Print 15 comment(s) - last by Pirks.. on May 19 at 9:48 AM

The threat of Android malware quadrupled in the last half of 2010.
Security software companies, telecoms, and handset manufacturers all seek to cash in

The issue of mobile hacking, particularly attacks targeting smartphones, is nothing new. But a new report from Reuters exposes a market that benefits from all the hacking. 

Because the once-fragmented smartphone arena is quickly becoming a two-player game (Android vs. Apple), it is becoming increasingly easier for hackers to target one or the other OS, thus doing a great deal of damage with just one hit. And everyone is looking to cash in.

Reuters reports that mobile security threats are creating big business not only for traditional anti-virus players such as McAfee and Norton, but also carriers like France Telecom and handset manufacturers like Nokia. 

"The mobile security market will one day be bigger than that of computers," Index Ventures Co-Founder Neil Rimer is quoted as saying at the Reuters Global Technology Summit. "It's a no-brainer that people will pay to protect their devices, and the market will not be owned by one big player." 

In fact, according to the report, market research firm Infonetics predicts mobile security software to grow by 50 percent each year over the course of the next three years, eventually becoming a $2-billion industry. 

While malware and other hacks threaten all platforms, Android particularly felt the pain in March when a Trojan infected more than a quarter of a million consumer's devices. A study by Juniper Networks found that malware threats on Android quadrupled in the six-month period from June 2010 to January 2011, while the threat on all mobile devices doubled. 

And even the carriers have begun to cash in. "Operators are very interested in offering security as a service to their customers as a way to generate revenue and promote customer retention," Sean Obrey told Reuters. Obrey is the head operator of business development at F-Secure, a mobile security specialty company that provides "anti-virus software and anti-theft protection" to smartphone users through approximately 40 telecom operators. The protection packages F-Secure offers can run anywhere from 5 to 10 euros per month.

While France Telecom (more commonly known as its service brand Orange) pre-packages security solutions on phones in Britain and offers paid security solutions for 3 to 9 euros to its French customers, AT&T is making plans to offer its customers security software in the U.S. But it may prove challenging.  

"When you start asking [customers] what's your willingness to pay for a solution, if they're not a little frightened, their willingness to pay is nothing," added AT&T's Head of Enterprise Business, John Stankey 

It will likely take a major virus that affects a larger swath of users before consumers are willing to pay for mobile security solutions. 

In the meantime, the best practice to avoid becoming a victim of mobile malware is to use common sense. Don't install or download anything from an untrusted source. Don't install an app or program that looks suspicious or sounds too good to be true. Do your research on an app or app developer before installing. Don't access personal information while connected to an open wireless network. Anyone who follows these rules can avoid becoming a victim of mobile hacks without having to shell out any more money to telecoms and software companies.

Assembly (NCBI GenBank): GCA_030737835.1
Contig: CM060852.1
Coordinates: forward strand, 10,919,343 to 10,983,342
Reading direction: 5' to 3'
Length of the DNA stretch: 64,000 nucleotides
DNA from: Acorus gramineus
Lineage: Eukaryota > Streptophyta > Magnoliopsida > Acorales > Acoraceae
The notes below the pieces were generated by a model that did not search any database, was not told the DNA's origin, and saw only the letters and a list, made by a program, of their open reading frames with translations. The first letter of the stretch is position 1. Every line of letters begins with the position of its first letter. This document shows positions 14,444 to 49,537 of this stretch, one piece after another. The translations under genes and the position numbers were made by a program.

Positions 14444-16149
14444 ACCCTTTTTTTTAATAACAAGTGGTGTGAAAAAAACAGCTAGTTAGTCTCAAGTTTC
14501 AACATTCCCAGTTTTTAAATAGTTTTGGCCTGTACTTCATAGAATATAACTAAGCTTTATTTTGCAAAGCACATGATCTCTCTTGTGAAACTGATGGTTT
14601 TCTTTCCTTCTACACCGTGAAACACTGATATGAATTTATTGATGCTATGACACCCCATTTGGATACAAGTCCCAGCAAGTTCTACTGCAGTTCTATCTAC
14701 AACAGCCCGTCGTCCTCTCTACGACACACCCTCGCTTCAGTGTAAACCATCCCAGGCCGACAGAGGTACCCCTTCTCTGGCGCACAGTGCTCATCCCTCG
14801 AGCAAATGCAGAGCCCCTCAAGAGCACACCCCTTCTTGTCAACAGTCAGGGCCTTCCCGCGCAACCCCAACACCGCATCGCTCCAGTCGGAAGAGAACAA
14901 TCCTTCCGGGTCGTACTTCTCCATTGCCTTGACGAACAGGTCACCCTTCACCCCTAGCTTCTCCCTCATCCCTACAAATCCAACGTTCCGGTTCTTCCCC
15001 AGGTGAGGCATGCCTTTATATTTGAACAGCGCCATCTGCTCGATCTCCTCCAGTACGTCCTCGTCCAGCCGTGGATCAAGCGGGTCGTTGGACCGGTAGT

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RE: iPhone owners must be smiling now
By Pirks on 5/18/2011 1:27:06 PM , Rating: 2
ah, so you are counting on some undiscovered yet iOS vulnerabilities that are supposed to surface sometime in the future and are supposed to allow this. well, good luck with that too :)

in any case apple can patch this thing instantly because they have pretty monolithic/controlled user base hardware/firmware wise, unlike the zoo of manufacturers, hardware, firmware and other sh1t in that _other_ OS *wink wink nudge nudge*

RE: iPhone owners must be smiling now
By geddarkstorm on 5/18/2011 5:08:08 PM , Rating: 2
Dude, undiscovered OS vulnerabilities surfacing sometime in the future is why any of this hacking stuff is possible in the first place across all OSes. Or is an OS a perfect piece of code the moment Apple publishes it?

RE: iPhone owners must be smiling now
By Master Kenobi on 5/18/2011 6:01:27 PM , Rating: 3
There are plenty of ways to hack iOS. Both the iPod4 and iPad1/2 are vulnerable to several close range exploits. Using an App is just for phishing large groups of users. It has been determined to be quite easy to setup a page and exploit the many holes in Safari and achieve much the same on the iOS system.

RE: iPhone owners must be smiling now
By Pirks on 5/19/2011 9:48:43 AM , Rating: 2
in any case apple can patch this thing instantly because they have pretty monolithic/controlled user base hardware/firmware wise, unlike the zoo of manufacturers, hardware, firmware and other sh1t in that _other_ "free" OS *wink wink nudge nudge*

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